Interior Secretary Ryan Zinke. Mark Wilson/Getty Images

Interior Secretary Ryan Zinke spoke Thursday with the South Carolina governor about that state’s opposition to offshore drilling, and Friday Zinke has calls set with the governors of Delaware, California and North Carolina to discuss the same thing, an Interior spokeswoman told Axios Thursday night in an email. 

Driving the news: Zinke tweeted earlier this week he was removing Florida from his department’s five-year offshore oil and gas leasing plan after meeting with Republican Gov. Rick Scott of Florida. That outside the norm move prompted governors from both parties from other coastal states to ask for the same thing. 

Go deeper: The fast-moving battle over offshore drilling; Decision to back off Florida drilling plan makes waves

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3 mins ago - Technology

Tech hits the brakes on office reopenings

Illustration: Annelise Capossela/Axios

Tech was the first industry to send its workers home when COVID-19 first hit the U.S., and it has been among the most cautious in bringing workers back. Even still, many companies are realizing that their reopening plans from as recently as a few weeks ago are now too optimistic.

Why it matters: Crafting reopening plans gave tech firms a chance to bolster their leadership and model the beginnings of a path back to normalcy for other office workers. Their decision to pause those plans is the latest sign that normalcy is likely to remain elusive in the U.S.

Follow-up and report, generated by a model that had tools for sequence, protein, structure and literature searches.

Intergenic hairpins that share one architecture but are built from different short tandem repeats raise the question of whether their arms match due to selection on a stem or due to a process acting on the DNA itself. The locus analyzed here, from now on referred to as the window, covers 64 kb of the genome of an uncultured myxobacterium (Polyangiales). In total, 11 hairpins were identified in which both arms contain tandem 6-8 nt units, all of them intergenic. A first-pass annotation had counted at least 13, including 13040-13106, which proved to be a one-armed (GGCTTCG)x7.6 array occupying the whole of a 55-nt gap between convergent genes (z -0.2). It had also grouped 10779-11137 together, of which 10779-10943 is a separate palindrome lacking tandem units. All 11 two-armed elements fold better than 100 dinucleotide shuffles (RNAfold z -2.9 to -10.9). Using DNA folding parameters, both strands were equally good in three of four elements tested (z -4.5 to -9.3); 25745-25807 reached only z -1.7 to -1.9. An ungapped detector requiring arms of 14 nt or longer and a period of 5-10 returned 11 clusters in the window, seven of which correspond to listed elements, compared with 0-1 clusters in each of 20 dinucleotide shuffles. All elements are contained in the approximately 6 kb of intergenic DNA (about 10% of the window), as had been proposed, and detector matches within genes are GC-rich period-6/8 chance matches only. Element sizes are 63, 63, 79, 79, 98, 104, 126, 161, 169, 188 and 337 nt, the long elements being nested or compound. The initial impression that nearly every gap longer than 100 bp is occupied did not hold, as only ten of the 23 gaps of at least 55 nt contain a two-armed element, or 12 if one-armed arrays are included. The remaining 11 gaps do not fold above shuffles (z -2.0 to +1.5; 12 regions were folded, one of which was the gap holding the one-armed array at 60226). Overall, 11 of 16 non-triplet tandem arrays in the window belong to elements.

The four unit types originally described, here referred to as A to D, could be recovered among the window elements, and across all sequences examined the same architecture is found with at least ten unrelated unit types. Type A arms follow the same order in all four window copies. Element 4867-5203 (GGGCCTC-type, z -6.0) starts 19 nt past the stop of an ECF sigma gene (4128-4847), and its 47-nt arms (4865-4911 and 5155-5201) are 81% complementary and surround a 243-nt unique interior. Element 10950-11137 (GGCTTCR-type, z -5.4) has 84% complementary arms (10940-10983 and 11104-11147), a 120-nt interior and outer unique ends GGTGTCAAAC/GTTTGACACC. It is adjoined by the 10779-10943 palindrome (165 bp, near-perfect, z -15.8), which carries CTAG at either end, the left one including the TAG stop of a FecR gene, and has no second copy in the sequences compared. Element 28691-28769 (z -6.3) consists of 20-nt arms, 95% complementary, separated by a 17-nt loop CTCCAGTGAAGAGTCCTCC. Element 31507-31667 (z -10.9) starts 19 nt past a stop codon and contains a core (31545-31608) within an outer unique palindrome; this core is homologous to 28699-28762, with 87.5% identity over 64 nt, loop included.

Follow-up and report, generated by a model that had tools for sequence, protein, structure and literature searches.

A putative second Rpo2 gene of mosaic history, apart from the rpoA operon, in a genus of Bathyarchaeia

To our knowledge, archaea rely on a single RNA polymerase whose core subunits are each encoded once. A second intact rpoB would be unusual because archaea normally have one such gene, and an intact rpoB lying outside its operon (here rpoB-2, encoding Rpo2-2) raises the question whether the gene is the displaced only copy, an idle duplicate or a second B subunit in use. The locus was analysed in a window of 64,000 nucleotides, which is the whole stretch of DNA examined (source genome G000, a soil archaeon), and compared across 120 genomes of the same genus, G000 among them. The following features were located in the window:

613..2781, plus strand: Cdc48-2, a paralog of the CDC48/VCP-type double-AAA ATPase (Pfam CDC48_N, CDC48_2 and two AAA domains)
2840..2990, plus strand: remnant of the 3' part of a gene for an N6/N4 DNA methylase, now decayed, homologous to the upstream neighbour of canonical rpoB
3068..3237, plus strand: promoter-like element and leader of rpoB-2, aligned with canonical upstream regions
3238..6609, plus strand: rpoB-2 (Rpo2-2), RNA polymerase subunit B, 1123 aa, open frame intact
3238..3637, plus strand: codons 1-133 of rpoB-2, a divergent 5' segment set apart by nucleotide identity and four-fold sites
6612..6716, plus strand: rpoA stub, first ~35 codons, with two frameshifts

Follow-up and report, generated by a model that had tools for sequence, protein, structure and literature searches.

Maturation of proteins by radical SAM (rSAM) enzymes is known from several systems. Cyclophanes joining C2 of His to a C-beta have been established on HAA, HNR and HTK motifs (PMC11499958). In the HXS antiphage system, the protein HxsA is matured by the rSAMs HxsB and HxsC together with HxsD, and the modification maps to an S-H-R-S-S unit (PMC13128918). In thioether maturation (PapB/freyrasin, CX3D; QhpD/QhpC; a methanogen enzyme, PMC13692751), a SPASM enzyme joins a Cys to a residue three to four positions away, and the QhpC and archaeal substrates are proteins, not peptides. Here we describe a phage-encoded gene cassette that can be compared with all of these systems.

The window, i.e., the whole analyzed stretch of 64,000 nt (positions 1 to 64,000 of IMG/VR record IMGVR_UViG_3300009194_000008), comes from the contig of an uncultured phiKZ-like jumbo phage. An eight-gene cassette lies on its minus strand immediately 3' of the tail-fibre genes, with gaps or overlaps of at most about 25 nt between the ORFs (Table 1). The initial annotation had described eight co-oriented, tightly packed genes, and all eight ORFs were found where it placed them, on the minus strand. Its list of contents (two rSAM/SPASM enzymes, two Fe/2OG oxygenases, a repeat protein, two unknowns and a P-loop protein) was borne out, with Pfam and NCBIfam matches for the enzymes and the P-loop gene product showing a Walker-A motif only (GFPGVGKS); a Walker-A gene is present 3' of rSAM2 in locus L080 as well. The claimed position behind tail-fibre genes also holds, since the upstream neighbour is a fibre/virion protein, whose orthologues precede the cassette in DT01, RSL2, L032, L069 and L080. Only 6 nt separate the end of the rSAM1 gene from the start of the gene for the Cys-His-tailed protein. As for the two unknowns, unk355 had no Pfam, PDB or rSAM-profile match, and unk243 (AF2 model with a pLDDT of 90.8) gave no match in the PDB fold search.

The existential threat to small business

Illustration: Eniola Odetunde/Axios

The coronavirus pandemic has changed the game for U.S. businesses, pushing forward years-long shifts in workplaces, technology and buying habits and forcing small businesses to fight just to survive.

Why it matters: These changes are providing an almost insurmountable advantage to big companies, which are positioned to come out of the recession stronger and with greater market share than ever.

Students say they'll sacrifice fun if they can return to campus

Illustration: Aïda Amer/Axios

College students overwhelmingly plan to return to campus this fall if their schools are open — and they claim they'll sit out the fun even if it's available, according to a new College Reaction/Axios poll.

Why it matters: For many, even an experience devoid of the trappings of college life is still a lot better than the alternative.